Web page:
There are many miners with large mining rigs – server racks – and there are individuals who run small mining operations. Sometimes individuals come together to form a pool of servers to improve their chances of mining a block and getting rewarded. In this case, the reward is shared among the pool participants.
One of the largest crypto operations in the United States is located in Rochester, Foundry LLC. Not only do they do crypto mining, but they also focus on research and development around cryptocurrencies and blockchain. Full disclosure, Foundry donated to UB Blockchain ThinkLab research.
I have heard of cryptocurrencies being used by those involved in criminal activity.
There are crimes in the crypto world, just like in, you know, the frontier lands. But that’s not the only thing. There are people who take advantage of it, deliberately or by mistake, accidentally. It’s like any other industry. It’s like the old west, it’s the beginning of time. Everyone is trying to find a way. And people who commit crimes are also looking for opportunities. The way I look at it, people notice [the crime] because it’s a lot louder than the real thing happening.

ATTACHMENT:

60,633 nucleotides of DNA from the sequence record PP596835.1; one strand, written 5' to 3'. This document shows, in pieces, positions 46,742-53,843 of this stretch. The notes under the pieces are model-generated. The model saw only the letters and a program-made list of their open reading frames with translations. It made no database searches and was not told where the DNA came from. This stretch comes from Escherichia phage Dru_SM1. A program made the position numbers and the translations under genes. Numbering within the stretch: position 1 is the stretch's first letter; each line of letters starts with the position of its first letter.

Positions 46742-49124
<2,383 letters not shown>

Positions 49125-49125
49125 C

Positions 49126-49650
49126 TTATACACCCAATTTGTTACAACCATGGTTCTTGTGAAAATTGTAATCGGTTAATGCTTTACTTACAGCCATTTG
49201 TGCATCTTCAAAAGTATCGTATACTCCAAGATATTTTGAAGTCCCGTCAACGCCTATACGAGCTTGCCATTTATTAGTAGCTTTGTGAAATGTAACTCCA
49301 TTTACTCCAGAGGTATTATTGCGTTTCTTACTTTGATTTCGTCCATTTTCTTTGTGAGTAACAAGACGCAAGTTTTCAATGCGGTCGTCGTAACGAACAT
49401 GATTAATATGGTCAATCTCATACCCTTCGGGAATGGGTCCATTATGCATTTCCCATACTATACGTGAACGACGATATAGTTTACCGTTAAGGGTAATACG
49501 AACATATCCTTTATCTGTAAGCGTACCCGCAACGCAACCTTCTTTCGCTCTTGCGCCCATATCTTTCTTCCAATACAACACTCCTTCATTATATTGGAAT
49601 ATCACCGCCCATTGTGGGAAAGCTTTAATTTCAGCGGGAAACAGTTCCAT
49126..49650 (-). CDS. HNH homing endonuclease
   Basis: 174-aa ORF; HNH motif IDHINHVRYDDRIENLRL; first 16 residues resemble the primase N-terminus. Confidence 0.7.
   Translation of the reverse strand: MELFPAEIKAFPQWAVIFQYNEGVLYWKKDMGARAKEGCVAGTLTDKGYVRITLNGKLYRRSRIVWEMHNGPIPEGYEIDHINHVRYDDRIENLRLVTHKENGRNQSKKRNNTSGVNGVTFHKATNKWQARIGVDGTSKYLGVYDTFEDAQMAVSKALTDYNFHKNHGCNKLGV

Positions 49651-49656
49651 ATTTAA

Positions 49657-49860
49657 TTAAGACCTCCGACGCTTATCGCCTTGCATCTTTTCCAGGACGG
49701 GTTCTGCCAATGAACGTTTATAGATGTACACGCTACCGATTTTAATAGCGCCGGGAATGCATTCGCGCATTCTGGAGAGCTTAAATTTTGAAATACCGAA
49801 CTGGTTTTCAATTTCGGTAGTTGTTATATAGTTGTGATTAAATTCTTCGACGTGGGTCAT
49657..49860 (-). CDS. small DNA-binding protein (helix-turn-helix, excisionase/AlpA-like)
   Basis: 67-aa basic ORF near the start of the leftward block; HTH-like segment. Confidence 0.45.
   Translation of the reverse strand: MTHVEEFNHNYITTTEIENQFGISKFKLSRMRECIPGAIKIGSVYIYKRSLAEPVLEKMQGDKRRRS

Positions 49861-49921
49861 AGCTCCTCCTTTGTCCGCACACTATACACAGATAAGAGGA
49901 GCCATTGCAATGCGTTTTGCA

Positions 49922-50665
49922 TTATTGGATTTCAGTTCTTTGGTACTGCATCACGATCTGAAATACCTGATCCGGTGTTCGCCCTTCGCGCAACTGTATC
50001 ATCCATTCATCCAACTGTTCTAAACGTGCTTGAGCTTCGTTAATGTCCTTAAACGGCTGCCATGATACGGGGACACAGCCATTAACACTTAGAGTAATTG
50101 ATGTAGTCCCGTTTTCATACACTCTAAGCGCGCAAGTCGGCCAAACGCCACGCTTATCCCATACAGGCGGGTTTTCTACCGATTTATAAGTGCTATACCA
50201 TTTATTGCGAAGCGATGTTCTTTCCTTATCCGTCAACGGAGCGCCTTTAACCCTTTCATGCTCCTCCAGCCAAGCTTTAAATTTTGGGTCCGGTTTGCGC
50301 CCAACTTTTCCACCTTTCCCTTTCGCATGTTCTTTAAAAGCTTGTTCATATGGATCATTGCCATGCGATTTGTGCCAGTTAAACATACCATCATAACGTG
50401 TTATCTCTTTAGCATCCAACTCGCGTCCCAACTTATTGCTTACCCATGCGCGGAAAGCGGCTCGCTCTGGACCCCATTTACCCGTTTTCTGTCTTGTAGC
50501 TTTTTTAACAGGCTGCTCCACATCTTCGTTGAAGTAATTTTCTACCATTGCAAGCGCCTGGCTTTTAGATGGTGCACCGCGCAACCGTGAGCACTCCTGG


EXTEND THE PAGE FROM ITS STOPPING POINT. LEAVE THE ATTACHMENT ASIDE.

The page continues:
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Why do you think there is this opposition to mining operations like what we see from community members in North Tonawanda and Niagara Falls?
This consensus process and solving this puzzle in order to write something in the ledger consumes a lot of energy. To operate batteries and batteries and batteries of machines, you need energy. You also need to cool the heated racks that run 24/7 to solve the puzzle.